Emotions

Until I began blogging about the brain, it never occurred to me to think rationally about emotions as a chemical response to an external stimulus. Rather, emotions were a heartfelt, for better or worse, feel-it-in-your gut experience. Now I know that the amygdala plays a huge role in monitoring emotions.

I think of the amygdala and its cohorts, the hippocampus and hypothalamus, as gatekeepers to emotional stability. You may recall that the hippocampus handles factual information, while the hypothalamus monitors how your body is doing internally and directs the pituitary gland to release hormones on the basis of functions such as body temperature, appetite, and sexual functioning; this last function surely a cause for many emotions.

sm-emotions.pngThe purpose of this next activity is twofold. The first is to bring home the role of emotions in a person’s ability to focus, concentrate and function. The second is to highlight that not everyone learns best from reading text. While the words (see the full size text here) convey more information, the movie Emotions in the brain, from The Secret Life of the Brain makes the point quite visually. Which works best for you?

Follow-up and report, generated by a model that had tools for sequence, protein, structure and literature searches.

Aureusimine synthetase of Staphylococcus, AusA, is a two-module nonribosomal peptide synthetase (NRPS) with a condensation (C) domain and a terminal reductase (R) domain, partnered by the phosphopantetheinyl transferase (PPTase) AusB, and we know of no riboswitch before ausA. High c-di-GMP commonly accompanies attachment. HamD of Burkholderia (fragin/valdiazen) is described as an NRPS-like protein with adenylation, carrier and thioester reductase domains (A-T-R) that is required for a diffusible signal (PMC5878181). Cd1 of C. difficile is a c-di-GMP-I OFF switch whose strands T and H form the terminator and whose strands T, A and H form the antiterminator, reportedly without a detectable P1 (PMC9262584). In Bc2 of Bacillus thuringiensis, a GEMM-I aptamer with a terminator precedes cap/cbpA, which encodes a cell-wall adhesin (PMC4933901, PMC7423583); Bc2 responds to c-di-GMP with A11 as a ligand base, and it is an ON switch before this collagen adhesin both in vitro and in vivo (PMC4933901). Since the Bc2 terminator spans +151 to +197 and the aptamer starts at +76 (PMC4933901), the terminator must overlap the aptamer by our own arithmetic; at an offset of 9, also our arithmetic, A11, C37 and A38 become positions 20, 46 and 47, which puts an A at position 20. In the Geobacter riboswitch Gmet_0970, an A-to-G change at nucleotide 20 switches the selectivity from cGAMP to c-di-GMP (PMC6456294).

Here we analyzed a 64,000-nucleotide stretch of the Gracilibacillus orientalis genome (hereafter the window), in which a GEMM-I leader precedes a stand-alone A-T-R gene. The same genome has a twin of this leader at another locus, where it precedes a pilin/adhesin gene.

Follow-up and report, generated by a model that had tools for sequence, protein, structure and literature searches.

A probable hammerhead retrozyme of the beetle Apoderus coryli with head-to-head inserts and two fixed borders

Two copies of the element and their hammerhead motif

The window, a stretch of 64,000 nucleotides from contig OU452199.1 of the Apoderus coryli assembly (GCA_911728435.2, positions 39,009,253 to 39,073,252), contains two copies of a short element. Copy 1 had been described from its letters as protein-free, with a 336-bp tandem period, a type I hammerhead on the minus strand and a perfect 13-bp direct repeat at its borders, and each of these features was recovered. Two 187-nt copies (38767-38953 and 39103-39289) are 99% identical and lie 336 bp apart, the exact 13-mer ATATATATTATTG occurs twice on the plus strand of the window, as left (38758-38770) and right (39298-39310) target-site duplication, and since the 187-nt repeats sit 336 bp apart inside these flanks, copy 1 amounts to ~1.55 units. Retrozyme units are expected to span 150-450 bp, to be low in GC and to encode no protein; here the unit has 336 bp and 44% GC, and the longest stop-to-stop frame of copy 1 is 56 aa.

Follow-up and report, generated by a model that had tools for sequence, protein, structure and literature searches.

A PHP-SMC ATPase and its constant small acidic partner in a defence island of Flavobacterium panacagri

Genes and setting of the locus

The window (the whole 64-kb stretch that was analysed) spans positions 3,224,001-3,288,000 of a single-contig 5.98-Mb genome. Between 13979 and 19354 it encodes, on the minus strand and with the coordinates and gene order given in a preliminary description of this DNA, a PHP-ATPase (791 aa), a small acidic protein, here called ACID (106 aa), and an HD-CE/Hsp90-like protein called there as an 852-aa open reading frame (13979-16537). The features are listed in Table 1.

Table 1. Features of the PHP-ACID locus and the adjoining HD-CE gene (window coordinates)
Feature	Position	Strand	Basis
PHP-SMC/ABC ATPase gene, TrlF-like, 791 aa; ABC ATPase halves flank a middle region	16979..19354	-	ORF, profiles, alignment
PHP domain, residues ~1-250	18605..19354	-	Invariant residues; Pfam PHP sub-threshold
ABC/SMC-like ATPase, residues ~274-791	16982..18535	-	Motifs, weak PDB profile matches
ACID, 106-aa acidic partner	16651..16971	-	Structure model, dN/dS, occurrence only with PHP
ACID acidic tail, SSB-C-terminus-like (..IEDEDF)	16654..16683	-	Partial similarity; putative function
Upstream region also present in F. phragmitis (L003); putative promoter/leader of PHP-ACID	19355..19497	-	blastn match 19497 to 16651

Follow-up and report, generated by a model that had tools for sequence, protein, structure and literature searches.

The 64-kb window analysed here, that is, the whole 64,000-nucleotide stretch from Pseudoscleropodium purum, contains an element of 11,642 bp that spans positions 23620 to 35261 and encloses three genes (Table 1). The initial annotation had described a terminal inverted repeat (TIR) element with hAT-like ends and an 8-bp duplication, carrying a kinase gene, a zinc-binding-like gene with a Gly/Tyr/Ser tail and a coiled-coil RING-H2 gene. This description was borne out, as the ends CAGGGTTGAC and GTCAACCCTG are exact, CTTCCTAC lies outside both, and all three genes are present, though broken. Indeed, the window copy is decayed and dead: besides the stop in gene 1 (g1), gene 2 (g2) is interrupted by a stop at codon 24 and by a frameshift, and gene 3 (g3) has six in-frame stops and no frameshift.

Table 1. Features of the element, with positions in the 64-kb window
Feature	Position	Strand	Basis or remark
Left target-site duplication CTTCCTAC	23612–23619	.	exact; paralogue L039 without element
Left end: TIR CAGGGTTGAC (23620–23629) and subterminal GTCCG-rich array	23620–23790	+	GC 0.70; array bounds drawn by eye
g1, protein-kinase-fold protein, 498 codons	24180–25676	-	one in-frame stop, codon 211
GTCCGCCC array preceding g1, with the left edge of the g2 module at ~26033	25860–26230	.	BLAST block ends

This is the eleventh of about twenty or fewer posts, and for further information about this series please read Closings and Openings. As you follow the development of this activity, please feel free to chime in with suggestions or questions!

Advertisements

Leave a Reply

Fill in your details below or click an icon to log in:

WordPress.com Logo

You are commenting using your WordPress.com account. Log Out / Change )

Twitter picture

You are commenting using your Twitter account. Log Out / Change )

Facebook photo

You are commenting using your Facebook account. Log Out / Change )

Google+ photo

You are commenting using your Google+ account. Log Out / Change )

Connecting to %s